In October, Professional IQ College welcomed new CEO, Simon Casford.
A business leader who has been at the helm of change, innovation, and growth many times, Simon brings extensive experience in the education sector, having held strategy and leadership roles at The Skills Organisation and Skills International, Unitec, and Manukau Institute of Technology.
Shortly after Simon joined the College, we sat down to talk about his experience in the sector, supporting advisers, and plans for the future.
Looking back, what drew you to the education sector?
From a strategy and development perspective, there’s a continuing wealth of opportunity to do things differently, to explore new services and ideas.
In my time at Skills, as an example, the Industry Training Organisation (ITO) sector was undergoing rapid change. One of the strategic initiatives I led was setting up Skills International, a venture that, for me, really drove home the immense value of taking a “yes we can do that” attitude. Within two years from launch, we grew the business to a $6 million annual turnover, providing services to Education New Zealand, the Ministry of Foreign Affairs, and international clients, including designing financial services qualifications and assessments for Saudi Arabia.
Developing new services and relationships was also a key focus in your time as General Manager of Business Development at Unitec. What’s key to success?
In a nutshell: getting a crystal-clear picture about what your clients and students need and delivering on it.
At Unitec, we delivered project management training programmes for Hawkins Construction, set up The Mind Lab and Tech Futures Lab joint ventures, amongst other initiatives. But the key theme in all was keeping the needs we were delivering to front-of-mind: from developing the training programmes and material, through to how students experience the learning.
In addition to business development and strategy roles, you’ve consulted on regulatory change for the vocational training sector. What did this highlight for you?
It’s a big subject of course, but a key focus of the Reform of Vocational Education is to seek efficiencies and ready the sector so that it can swiftly respond to fast-changing needs in skills and learning. The wider vocational sector is undergoing huge change – the amalgamation of all the polytechs, the dissolution of Industry Training Organisations etc., so a big part of our job is to navigate these changes, so that the industry doesn’t have to.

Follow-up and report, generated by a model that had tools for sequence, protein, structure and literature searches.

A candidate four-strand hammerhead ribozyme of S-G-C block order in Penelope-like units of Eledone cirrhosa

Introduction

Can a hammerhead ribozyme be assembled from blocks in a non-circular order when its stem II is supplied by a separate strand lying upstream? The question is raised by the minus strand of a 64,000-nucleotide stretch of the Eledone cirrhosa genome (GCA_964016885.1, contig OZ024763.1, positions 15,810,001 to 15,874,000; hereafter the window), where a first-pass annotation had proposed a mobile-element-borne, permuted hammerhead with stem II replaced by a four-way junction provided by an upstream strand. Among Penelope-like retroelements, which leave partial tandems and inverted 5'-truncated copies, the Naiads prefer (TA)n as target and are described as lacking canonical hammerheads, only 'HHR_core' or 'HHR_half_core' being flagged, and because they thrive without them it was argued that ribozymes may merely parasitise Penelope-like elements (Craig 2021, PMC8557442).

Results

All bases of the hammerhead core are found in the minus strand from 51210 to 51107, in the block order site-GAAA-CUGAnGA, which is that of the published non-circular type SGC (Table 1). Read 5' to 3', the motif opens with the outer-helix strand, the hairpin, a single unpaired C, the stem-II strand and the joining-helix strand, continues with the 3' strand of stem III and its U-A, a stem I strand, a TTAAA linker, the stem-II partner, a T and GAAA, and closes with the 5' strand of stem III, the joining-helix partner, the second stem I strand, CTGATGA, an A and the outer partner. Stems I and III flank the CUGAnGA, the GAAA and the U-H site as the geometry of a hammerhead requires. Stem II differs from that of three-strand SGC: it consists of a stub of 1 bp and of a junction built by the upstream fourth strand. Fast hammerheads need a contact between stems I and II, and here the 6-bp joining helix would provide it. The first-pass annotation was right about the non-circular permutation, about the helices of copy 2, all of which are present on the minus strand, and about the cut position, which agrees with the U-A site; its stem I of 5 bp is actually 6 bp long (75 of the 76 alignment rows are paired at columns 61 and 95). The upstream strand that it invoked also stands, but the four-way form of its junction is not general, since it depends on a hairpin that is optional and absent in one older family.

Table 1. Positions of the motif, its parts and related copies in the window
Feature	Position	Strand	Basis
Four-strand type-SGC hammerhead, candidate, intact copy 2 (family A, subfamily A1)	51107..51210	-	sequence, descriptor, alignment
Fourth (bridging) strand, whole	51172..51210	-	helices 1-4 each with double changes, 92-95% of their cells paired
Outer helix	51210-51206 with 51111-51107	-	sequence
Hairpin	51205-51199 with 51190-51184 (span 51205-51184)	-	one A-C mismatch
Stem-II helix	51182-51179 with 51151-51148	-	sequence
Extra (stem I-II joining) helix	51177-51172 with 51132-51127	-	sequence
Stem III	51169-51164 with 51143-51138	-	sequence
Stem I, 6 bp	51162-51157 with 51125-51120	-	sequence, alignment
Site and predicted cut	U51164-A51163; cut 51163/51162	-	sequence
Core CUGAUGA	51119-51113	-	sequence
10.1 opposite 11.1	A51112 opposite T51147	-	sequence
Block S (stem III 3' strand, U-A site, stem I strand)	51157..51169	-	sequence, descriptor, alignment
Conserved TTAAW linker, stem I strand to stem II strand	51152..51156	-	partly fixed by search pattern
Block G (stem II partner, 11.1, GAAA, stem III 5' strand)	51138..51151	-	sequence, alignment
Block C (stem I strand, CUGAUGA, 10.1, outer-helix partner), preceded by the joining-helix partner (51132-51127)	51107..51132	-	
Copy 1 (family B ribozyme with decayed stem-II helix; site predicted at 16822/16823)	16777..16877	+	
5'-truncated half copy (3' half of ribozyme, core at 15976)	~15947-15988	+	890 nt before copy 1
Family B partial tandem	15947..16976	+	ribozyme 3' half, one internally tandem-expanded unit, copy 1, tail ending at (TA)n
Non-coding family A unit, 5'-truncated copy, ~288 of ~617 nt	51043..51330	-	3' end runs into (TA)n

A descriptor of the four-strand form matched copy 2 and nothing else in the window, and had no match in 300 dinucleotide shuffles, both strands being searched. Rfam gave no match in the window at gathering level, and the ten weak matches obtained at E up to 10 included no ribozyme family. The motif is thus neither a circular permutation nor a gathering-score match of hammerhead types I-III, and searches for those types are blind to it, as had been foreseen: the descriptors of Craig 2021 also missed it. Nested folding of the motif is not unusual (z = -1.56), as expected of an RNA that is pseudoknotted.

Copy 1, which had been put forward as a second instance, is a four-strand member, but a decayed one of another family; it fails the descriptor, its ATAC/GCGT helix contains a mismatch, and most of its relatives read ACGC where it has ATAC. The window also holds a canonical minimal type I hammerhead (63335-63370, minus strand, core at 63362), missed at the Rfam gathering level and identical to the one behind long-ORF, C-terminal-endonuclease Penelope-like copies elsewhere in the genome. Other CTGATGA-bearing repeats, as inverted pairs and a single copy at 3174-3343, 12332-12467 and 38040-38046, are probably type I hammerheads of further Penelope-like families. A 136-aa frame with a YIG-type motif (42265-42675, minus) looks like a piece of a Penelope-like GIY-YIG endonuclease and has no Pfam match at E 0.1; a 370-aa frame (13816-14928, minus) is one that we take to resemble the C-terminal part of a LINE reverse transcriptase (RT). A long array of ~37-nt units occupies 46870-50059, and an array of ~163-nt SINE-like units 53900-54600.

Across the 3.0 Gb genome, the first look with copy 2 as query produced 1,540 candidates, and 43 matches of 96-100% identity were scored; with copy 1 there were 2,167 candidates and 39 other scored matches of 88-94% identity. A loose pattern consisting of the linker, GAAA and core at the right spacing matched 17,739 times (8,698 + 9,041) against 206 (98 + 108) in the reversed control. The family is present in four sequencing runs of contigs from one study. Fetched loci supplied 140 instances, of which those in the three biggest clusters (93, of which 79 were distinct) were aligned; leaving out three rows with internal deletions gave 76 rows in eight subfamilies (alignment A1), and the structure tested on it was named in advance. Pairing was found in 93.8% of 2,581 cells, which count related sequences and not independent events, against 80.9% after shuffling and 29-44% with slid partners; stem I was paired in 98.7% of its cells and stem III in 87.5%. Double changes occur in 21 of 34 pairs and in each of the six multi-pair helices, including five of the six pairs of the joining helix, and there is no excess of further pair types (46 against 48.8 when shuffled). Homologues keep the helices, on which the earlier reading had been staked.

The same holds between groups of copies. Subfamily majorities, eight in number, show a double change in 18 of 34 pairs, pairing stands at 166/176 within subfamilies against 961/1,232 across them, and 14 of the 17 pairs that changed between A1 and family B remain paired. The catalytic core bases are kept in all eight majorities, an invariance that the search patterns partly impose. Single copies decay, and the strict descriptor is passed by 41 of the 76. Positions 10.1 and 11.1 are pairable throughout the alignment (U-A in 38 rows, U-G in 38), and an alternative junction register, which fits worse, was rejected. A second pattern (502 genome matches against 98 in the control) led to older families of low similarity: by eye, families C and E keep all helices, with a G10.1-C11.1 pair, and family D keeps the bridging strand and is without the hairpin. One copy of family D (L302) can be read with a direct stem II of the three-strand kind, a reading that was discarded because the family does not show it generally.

As financial advisers have experienced, it’s crucial to have access to a trusted education partner to attain required qualifications and to source training for ongoing professional development.
In partnership with IBANZ, this is a key focus for the College: Level 5 of course, but also ensuring financial advice businesses and advisers have a partner they can turn to for a broad – and continually evolving – range of skills development and training needs.
Your role with the College signals the potential for collaboration with LearnPlus. Four weeks in, are there opportunities you have already identified?
As the CEO of both Professional IQ and LearnPlus, I can see some potential to leverage systems and resources, and the broader team and I will take a close look at those in time.
In the short term, the focus is all about people – the PIQ team and our more than 500 current Professional IQ students. We want to make sure that the College is well resourced to deliver a great experience and that advisers can smoothly achieve their Level 5 qualification. I’ve been in listening mode in the past few weeks – reaching out for feedback from our IBANZ partners and the PIQ Learning team – with the focus on efficiency and student experience.
The Level 5 Certificate is a key focus for Professional IQ College and the industry in the medium term. We’re focused on becoming the industry preferred partner in delivering this.
Compared to other academic providers, PIQ is industry relevant, and uses Strand-relevant assessors. What’s more, the PIQ Level 5 Certificate addresses the different learning needs of existing – and often busy – advisers: it’s an in-work qualification, reinforcing learning as you go and using examples from your practice, rather than more generic, academic examples.
Is there anything you would like to add for our IBANZ members and advisers?
I’d like to take the opportunity to acknowledge the PIQ Learning team – it has been a very busy period and they have risen to the challenge. We’ve been examining our processes and are highly focused on student experience and fine tuning how we support advisers through attaining the qualification.
As I said earlier, Level 5 has been and will continue to be a key focus for advisers. But putting this to the side for a moment, we’re also seeking thoughts and insights on what the industry wants for their ongoing training and professional development needs. From business administration, sales, various soft skills – nothing is off the table. We want to hear about what would be useful from the perspective of the industry.
To get in contact with Simon or the PIQ Learning team, call 09 306 1731, email firstname.lastname@example.org, or visit the website at professionaliq.co.nz.